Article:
[meteorite-list] Ice-rafted rocks on "dry-lakes"
From: Michael Mulgrew <mikestang_at_meteoritecentral.com>
Date: Fri, 29 Aug 2014 14:50:53 -0700
Not only was this "old news" to meteorite hunters, the reports all
make it seem like this only occurs at Racetrack Playa in Death Valley.
I've personally found evidence of ice rafting at at least two other
Tyler Valley, CA: http://mikestang.com/user/cimage/TylerValley09.JPG
General Dry Lake, CA: http://mikestang.com/user/cimage/general11.JPG
My photo from General is one of my favorite things I've ever seen
while wandering in the Mojave Desert.
Michael in so. Cal.
On Fri, Aug 29, 2014 at 12:20 PM, Michael Farmer via Meteorite-list
<meteorite-list at meteoritecentral.com> wrote:
> I've known this for many years. Why this is "new" I have no clue.
> Michael Farmer
>> On Aug 29, 2014, at 12:18 PM, Jim Wooddell via Meteorite-list <meteorite-list at meteoritecentral.com> wrote:
>> Hi Bob and all!
>> When I first got into meteorites, I was shocked people were still talking about is as some kind of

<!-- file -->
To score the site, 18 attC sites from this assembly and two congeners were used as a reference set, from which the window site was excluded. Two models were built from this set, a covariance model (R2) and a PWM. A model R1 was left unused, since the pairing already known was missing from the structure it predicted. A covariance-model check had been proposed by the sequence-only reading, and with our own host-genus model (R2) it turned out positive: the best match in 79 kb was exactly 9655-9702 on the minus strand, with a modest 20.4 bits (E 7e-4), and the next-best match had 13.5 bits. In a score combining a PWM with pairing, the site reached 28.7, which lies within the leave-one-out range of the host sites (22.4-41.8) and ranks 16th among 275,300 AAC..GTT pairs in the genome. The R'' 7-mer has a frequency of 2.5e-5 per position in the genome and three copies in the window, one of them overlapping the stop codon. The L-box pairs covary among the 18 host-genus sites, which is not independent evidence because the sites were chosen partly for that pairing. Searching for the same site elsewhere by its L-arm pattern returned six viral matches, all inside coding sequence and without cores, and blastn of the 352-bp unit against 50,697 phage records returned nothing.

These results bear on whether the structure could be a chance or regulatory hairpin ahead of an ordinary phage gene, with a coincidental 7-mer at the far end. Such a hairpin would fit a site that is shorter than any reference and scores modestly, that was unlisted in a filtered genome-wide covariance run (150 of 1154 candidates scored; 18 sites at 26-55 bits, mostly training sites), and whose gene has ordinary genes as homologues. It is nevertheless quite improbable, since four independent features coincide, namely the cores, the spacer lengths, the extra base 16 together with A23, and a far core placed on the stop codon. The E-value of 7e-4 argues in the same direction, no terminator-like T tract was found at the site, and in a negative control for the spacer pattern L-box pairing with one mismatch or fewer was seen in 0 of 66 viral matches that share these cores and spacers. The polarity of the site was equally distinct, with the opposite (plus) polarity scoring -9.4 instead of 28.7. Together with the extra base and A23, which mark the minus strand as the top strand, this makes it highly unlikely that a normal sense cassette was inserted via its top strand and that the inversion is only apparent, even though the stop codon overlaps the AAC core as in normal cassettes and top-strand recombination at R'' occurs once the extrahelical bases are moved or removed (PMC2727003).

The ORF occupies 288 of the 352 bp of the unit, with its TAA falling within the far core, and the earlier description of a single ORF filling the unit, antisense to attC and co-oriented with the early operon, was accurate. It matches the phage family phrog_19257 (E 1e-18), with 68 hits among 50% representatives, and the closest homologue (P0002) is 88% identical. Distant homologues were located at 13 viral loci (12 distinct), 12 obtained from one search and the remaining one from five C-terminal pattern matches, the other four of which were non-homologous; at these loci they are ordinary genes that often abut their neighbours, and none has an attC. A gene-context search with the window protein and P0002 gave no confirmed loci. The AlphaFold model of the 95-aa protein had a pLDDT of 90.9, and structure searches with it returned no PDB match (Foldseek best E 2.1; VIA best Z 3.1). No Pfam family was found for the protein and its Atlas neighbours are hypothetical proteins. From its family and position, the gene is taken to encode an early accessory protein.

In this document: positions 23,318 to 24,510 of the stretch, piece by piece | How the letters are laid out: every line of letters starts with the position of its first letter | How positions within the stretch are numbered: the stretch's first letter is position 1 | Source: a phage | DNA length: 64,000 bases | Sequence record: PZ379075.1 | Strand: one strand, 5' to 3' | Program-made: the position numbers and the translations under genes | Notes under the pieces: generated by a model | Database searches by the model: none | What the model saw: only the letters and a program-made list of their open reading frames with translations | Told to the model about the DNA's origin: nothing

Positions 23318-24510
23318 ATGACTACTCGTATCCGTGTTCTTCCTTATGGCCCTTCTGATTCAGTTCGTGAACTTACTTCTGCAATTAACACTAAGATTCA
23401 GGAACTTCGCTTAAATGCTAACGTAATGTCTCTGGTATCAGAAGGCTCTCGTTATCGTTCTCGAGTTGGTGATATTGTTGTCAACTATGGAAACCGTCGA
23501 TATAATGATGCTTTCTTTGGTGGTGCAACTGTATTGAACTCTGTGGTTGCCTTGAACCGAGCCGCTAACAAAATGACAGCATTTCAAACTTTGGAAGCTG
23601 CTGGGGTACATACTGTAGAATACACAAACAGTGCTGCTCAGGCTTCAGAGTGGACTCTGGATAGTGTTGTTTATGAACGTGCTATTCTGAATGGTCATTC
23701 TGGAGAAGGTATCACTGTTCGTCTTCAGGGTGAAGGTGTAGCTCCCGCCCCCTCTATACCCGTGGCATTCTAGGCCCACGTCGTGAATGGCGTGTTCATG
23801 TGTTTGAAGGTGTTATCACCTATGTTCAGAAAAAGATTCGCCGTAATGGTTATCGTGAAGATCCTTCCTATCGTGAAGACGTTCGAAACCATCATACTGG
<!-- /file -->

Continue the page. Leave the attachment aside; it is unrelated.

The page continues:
>> magical thing that hadn't been figured out!
>> I think all this does is re-affirm what many already knew. I did not take it as anything new at all!
>> I know of the work a few of you did about a decade ago, but ice rafting has been known for decades.
>> Disappointed that this made it "official" as it's been official in my mind for years and years....not to mention a video I posted about a year or more ago of ice sheets that were carrying rocks slamming
>> into the shore in heavy winds. But whatever. I would still contend wind and water, without the need for ice, can do the same thing. Anyone who has tried to walk across a moist (almost muddy) dry lake knows how slippery they become!
>> The power water and wind has is amazing!
>> I get a kick of the giant rock ice-rafting picture!!
>>> On 8/29/2014 10:53 AM, Robert Verish via Meteorite-list wrote:
>>> It's now official. We can stop calling them "sailing stones". New video shows that playa rocks are being barged across the lakebed.
>>> Apparently, wind-driven, floating sheets of ice are dragging or pushing the rocks leaving their "tracks" in the wet lakebed sediment.
>>> Photos in the article show tracks of rocks that make tight turns and circle back into the direction from which they had come. This shows that,
>>> in these cases, the rocks are locked into the ice-sheet.
>>> Bob V.
>> Jim Wooddell
>> jim.wooddell at suddenlink.net
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Received on Fri 29 Aug 2014 05:50:53 PM PDT